The Gift

The following piece was my first entry to the NYC Midnight Flash Fiction competition. This was the final round, so the prompt had no genre. All of the final 60 participants had the same prompt. It had to be set in a Mobile Home, and it had to feature a wrapped gift. See this post for more! Enjoy!

I need some space between the Gift and I. It’s taunting me, but I’m not ready to open it. I decide to walk to the farthest side of my tiny home and go to the kitchen area, hearing the floor tremble with every step. I make myself a cup of coffee, watching the bubbles dance through the kettle, the steam clouding up my glasses.

It’s been a week since Dad died. A week of grief, tears, awkward silences, sleepless nights and, to be honest, immense boredom. No-one told me how boring death is. Dad would’ve hated it. He was a man full of life. He never stopped joking, never stopped doing his best to make others laugh. Any time he came to visit me, I swear his booming laugh shook the walls of my home. Whenever Mum asked him to keep it down he often said: “There’ll be plenty of silence when we’re dead!”

He was right.

I pour my coffee and sit on the couch. I stare at the tv remote but don’t lift my hand as I know there’s nothing on. I’ve exhausted any source of distraction on the internet, and everyone else was back in their own homes. I’m alone with the emptiness of my tiny home. Alone with my loss.

And the Gift.

“Happy Birrrrthday dear Niiii-iiick! Happy Birthday to youuuu!”

A week ago, my family were here clapping and cheering as I blew thirty candles out. My brother and sister had brought their families and Dad was standing at the back of the crowd, sneakily taking pictures, beams all over his face. Mum handed me a knife and I cut the cake into slices as plates were fetched and napkins were handed out. I don’t have a big family, but with all of us crowded in this small space we felt huge. The kids began to cluster around me, one hugging me as the others tentatively poked their fingers into the cream on top of the cake.

“Luke! Aaron!” snapped my sister, looking more like our mother than I thought possible. I laughed and dipped my finger in the cream as well, dotting some cream on Luke and Aaron’s noses. The boys giggled as my sister gave out to me.

“Nick! How will they learn-”

“Shush Sarah!” said Dad, dipping his own finger into the cake, and dotting some cream on her nose. He exploded with laughter, his face turning red. The kids and most of the adults joined him as Mum and her clone folded their arms in unison, but Mum had a slight smirk. After cake, we sat around the tiny sitting area, but eleven people using only two chairs and a couch meant that most were sitting on the floor. We gossiped and caught up with one another, the condensation on the window showing us how long we were there.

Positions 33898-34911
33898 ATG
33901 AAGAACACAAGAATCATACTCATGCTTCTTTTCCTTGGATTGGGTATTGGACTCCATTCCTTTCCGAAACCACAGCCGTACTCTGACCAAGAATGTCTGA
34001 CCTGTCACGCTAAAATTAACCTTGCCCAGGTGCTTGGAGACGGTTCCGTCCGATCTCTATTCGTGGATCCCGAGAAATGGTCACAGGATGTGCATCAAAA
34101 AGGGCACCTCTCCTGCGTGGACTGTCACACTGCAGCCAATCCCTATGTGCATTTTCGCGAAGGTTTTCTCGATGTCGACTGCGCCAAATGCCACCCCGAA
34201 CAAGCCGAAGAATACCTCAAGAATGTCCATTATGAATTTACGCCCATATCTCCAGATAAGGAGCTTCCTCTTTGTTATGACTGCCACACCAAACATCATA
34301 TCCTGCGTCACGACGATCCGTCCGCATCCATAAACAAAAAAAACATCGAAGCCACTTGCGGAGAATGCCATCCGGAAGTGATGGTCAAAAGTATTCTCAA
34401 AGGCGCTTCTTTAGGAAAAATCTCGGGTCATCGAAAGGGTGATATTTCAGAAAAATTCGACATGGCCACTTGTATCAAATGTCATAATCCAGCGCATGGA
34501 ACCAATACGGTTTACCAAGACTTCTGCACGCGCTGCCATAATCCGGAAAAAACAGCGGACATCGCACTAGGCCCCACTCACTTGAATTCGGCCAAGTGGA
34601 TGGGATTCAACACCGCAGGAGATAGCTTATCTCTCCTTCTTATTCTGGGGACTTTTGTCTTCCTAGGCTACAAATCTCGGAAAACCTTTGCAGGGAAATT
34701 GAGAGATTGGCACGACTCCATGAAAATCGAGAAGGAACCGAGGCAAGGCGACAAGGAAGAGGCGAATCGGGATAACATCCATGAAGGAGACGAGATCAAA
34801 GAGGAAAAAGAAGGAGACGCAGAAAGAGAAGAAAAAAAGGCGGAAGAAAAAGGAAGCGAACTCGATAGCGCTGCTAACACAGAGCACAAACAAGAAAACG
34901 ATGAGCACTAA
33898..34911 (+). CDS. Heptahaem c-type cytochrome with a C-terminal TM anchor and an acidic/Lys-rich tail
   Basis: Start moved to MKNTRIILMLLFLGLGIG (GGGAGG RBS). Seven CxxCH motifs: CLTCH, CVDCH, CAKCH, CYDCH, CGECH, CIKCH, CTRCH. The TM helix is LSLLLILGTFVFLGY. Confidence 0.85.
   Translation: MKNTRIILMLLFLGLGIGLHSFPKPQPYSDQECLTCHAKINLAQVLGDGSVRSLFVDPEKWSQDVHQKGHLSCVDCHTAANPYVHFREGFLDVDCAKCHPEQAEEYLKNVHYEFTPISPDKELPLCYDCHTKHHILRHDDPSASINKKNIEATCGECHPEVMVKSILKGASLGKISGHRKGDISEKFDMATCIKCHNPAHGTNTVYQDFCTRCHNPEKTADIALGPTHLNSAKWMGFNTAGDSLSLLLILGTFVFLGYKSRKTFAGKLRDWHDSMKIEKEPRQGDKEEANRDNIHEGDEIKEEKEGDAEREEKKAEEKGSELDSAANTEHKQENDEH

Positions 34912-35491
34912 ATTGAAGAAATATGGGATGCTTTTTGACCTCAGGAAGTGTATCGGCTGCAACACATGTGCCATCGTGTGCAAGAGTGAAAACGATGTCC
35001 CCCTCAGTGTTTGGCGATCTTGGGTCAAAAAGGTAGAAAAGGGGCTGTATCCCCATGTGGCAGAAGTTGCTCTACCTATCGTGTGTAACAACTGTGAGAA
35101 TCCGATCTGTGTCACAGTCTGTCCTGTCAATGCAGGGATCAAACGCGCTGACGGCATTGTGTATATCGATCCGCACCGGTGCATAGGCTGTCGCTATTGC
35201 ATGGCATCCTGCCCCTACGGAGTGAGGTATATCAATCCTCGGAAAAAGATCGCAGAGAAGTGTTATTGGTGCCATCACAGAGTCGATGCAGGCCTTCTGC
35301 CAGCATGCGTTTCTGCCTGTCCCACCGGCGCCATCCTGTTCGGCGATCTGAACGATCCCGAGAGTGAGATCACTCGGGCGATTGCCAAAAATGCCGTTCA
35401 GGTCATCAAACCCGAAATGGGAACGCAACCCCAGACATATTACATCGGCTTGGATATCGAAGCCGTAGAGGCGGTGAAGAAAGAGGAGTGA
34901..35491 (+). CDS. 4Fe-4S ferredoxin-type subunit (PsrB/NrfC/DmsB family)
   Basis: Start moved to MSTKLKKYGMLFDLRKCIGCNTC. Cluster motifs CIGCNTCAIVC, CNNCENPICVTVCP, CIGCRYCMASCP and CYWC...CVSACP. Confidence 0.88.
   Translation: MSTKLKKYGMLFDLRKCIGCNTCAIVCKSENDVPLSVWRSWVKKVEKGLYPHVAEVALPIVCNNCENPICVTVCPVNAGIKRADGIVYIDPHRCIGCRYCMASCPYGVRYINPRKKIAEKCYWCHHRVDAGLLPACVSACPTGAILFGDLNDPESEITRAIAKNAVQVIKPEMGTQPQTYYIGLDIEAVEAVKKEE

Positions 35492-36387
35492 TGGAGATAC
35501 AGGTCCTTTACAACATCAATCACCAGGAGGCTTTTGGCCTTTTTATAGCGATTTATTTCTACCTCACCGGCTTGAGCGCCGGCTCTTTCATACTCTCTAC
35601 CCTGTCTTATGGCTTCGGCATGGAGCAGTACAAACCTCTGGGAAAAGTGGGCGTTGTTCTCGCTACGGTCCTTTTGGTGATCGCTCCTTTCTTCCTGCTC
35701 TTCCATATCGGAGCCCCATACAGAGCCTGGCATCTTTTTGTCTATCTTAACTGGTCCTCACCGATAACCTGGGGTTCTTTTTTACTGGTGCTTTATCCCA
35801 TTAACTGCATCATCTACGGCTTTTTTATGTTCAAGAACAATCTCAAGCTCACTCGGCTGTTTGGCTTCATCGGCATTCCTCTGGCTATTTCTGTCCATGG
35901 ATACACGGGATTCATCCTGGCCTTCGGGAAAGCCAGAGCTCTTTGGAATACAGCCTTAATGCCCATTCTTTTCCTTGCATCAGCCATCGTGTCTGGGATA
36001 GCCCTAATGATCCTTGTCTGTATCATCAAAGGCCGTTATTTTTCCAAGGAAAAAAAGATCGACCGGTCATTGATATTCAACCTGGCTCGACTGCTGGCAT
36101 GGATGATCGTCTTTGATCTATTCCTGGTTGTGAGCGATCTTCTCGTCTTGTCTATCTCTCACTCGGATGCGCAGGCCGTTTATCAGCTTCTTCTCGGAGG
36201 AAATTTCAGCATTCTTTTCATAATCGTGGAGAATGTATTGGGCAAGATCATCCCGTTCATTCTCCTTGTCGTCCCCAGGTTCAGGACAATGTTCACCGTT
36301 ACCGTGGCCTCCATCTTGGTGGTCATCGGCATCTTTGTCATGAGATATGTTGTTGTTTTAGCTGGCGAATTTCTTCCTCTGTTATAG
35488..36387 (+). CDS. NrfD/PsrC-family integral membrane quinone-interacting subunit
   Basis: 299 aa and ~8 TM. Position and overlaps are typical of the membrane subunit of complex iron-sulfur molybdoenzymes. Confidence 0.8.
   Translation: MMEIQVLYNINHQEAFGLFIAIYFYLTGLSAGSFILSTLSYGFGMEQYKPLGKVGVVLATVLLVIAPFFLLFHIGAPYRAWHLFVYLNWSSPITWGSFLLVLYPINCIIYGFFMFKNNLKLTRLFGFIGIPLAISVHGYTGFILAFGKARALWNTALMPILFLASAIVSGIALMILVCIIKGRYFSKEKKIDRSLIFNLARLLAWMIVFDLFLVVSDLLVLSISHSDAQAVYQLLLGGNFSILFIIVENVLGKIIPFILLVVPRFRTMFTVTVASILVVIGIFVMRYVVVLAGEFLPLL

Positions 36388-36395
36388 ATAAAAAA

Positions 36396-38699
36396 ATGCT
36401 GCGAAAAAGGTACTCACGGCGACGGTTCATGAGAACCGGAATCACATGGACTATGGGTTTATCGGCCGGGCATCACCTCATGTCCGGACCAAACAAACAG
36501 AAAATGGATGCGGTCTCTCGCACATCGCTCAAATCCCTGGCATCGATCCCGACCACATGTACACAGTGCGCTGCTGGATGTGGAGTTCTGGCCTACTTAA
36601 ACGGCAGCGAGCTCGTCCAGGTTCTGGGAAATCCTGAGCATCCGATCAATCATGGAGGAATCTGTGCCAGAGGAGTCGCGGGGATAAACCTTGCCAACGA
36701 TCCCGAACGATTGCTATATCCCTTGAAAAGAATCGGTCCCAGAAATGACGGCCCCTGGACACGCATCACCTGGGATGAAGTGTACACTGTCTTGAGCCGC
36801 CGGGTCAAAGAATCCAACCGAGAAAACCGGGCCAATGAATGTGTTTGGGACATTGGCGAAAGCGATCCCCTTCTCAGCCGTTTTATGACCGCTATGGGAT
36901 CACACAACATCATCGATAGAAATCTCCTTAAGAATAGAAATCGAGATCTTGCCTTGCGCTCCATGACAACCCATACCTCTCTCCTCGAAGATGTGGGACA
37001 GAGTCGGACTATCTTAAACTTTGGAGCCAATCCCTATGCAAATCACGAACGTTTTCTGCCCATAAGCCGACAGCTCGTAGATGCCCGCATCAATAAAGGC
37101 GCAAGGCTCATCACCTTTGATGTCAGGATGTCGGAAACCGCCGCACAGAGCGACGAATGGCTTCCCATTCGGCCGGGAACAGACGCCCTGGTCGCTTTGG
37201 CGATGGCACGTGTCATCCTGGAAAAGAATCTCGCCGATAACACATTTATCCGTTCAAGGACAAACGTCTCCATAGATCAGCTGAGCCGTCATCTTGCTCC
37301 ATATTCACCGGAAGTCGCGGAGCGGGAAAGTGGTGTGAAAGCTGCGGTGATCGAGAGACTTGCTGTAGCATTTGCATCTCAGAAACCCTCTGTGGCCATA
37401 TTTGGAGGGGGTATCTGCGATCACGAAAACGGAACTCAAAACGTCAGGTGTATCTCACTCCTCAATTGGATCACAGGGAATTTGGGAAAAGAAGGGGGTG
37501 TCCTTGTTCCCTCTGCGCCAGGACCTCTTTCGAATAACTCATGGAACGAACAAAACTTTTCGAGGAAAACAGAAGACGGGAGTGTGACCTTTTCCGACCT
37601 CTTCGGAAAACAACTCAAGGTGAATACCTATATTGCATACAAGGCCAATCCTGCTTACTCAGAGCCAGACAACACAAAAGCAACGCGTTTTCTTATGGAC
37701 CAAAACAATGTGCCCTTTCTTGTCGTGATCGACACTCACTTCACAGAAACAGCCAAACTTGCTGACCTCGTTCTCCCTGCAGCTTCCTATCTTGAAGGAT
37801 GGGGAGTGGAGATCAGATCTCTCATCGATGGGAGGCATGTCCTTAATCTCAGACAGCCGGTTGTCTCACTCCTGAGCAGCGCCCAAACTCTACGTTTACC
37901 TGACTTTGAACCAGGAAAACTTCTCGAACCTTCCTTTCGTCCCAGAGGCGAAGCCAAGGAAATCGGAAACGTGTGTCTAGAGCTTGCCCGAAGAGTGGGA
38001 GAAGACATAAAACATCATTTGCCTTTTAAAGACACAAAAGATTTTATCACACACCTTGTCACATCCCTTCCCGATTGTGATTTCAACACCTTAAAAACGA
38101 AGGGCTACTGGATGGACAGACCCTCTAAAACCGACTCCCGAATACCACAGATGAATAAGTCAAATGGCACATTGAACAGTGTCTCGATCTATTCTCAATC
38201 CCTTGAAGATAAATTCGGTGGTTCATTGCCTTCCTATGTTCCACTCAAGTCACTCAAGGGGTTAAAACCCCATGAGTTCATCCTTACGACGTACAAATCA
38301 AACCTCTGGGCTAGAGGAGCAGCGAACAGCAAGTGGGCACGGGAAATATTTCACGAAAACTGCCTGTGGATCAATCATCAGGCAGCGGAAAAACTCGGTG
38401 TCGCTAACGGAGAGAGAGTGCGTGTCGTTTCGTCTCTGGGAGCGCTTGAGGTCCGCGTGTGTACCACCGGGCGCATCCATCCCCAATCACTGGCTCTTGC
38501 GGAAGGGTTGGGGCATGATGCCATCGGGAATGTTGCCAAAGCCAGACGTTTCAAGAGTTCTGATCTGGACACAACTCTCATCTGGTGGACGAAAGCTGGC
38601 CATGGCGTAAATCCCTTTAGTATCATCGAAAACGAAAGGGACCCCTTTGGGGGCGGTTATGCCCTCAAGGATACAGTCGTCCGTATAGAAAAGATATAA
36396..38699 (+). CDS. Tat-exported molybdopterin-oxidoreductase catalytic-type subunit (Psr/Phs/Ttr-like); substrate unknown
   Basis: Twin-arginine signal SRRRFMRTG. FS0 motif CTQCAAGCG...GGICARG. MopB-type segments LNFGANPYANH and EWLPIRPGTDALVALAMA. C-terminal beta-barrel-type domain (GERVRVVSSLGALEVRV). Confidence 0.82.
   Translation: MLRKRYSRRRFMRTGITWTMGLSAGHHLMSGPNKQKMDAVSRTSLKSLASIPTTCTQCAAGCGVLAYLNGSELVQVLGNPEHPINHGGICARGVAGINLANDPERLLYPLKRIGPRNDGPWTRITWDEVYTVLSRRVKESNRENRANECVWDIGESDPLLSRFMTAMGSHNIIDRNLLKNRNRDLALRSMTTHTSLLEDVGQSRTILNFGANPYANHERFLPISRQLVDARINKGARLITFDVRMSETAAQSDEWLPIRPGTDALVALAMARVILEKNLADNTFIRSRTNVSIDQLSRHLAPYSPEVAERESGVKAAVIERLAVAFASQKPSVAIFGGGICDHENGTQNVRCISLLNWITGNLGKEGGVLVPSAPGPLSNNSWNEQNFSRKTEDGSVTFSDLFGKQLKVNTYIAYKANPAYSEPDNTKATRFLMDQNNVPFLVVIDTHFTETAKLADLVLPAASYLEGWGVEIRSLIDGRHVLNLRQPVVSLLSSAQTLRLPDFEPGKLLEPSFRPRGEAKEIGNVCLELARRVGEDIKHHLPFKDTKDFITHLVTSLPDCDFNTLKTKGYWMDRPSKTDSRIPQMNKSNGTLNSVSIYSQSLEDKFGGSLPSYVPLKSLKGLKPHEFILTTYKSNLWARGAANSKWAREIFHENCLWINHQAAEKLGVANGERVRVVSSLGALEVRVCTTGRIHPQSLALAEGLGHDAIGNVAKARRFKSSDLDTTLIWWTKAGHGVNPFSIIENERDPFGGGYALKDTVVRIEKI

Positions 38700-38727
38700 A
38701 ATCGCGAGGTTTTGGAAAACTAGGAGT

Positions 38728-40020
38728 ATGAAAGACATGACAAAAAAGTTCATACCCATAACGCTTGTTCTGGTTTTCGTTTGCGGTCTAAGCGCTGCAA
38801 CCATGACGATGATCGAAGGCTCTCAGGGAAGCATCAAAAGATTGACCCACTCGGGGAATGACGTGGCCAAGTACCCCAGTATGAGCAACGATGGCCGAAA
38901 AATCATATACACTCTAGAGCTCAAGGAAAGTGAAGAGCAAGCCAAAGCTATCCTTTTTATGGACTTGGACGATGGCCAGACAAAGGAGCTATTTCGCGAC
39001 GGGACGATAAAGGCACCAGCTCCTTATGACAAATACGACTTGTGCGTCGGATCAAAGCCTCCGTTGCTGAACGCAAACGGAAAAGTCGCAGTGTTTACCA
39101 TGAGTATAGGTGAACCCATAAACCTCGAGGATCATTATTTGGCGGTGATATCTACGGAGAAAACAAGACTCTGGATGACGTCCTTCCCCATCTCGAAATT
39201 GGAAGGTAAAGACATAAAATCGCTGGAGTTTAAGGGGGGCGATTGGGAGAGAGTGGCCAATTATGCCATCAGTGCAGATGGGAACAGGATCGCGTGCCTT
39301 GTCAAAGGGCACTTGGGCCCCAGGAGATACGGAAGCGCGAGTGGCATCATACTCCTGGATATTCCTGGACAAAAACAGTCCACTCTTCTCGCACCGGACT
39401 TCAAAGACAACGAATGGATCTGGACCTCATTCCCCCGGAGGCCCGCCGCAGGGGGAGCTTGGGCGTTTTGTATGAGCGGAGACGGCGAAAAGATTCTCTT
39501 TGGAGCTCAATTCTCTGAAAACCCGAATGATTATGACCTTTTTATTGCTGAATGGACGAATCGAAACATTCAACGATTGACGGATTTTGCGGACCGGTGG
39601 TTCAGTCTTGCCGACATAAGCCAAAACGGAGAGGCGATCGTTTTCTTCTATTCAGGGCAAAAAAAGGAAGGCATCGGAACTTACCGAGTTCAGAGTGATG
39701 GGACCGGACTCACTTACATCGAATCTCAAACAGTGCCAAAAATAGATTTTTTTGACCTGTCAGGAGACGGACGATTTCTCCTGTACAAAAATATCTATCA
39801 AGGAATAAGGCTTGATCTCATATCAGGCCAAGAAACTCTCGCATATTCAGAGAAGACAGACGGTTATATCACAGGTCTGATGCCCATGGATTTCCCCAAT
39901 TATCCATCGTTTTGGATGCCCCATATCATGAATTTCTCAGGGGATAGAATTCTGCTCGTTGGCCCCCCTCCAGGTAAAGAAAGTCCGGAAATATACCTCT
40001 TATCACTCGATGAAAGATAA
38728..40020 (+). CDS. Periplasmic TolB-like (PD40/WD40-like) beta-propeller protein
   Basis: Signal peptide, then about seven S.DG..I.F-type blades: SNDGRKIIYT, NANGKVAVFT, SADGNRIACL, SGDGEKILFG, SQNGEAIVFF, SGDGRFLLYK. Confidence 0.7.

Then came the presents. Everything was fine until Dad reached for the Gift.

And that’s when the day turned.

He slumped in his chair, the Gift fell to the floor.

The rest of the day, and week was a blur.


Bad news.


It wasn’t until two days after the funeral that I came back to the mobile home I was renting, while my house was being built. I turned the key and stepped in the door, and there was Dad’s Gift.

I go to my bedroom where the Gift is waiting for me. A beautifully wrapped box, rectangular, not much longer than my forearm. It’s wrapped so uniquely. Two different sheets of wrapping paper were used. One covers the whole box, with purple, green and blue stripes. The other pattern has the same colours, but polka dotted. The polka dot paper wraps around only half of the box, forming a little pocket. You could tell he didn’t wrap it himself. Sticking out of the pocket was a small card that had my name written on it, in my father’s handwriting.

I take the Gift in my hands and sit on the end of my bed. This is it. This is the last present my Dad will ever give me. The last way he’ll ever express himself. He was sitting here, in my home, handing me the Gift, and now he’ll never hand anyone anything again.

The Gift trembles in my hands as I wonder what could possibly be inside. It doesn’t feel heavy, and I can hear the rustling of plastic inside. Bubble wrap? What did you put in here Dad? The question I’ve been avoiding keeps barging to the forefront of my mind.

What if it’s not the perfect gift?

Its contents will be his final message to me. His last expression of love. My breath gets shallow, and tears begin to boil up behind my eyes. My father isn’t dead yet. As long as this Gift stays wrapped then he has something left to say. If I open it…

I stand and put the Gift in my wardrobe under some t-shirts. The card falls out of the little pocket. It lands open. It’s not a shop bought card, just a simple piece of paper folded in half.

I have to know.


I’m sitting in the car after buying your 30th Birthday present. The woman in the shop wrapped it for me, but I’m sure you guessed that! I hope that you’ll love it. I’m sure you will. You really have gone and grown up on me, haven’t you? It’s funny, usually it’s the father’s job to teach his son on how to be a man, but seeing the man you’ve become, I make an effort to be more like you every day. You couldn’t make me prouder, but I’m sure you will anyway.

I love you son.


Tears fall from my face and splatter the edge of the letter. I look at the Gift again as I close the wardrobe door, deciding that no, it’s not time to say goodbye. Not yet.

Not yet.

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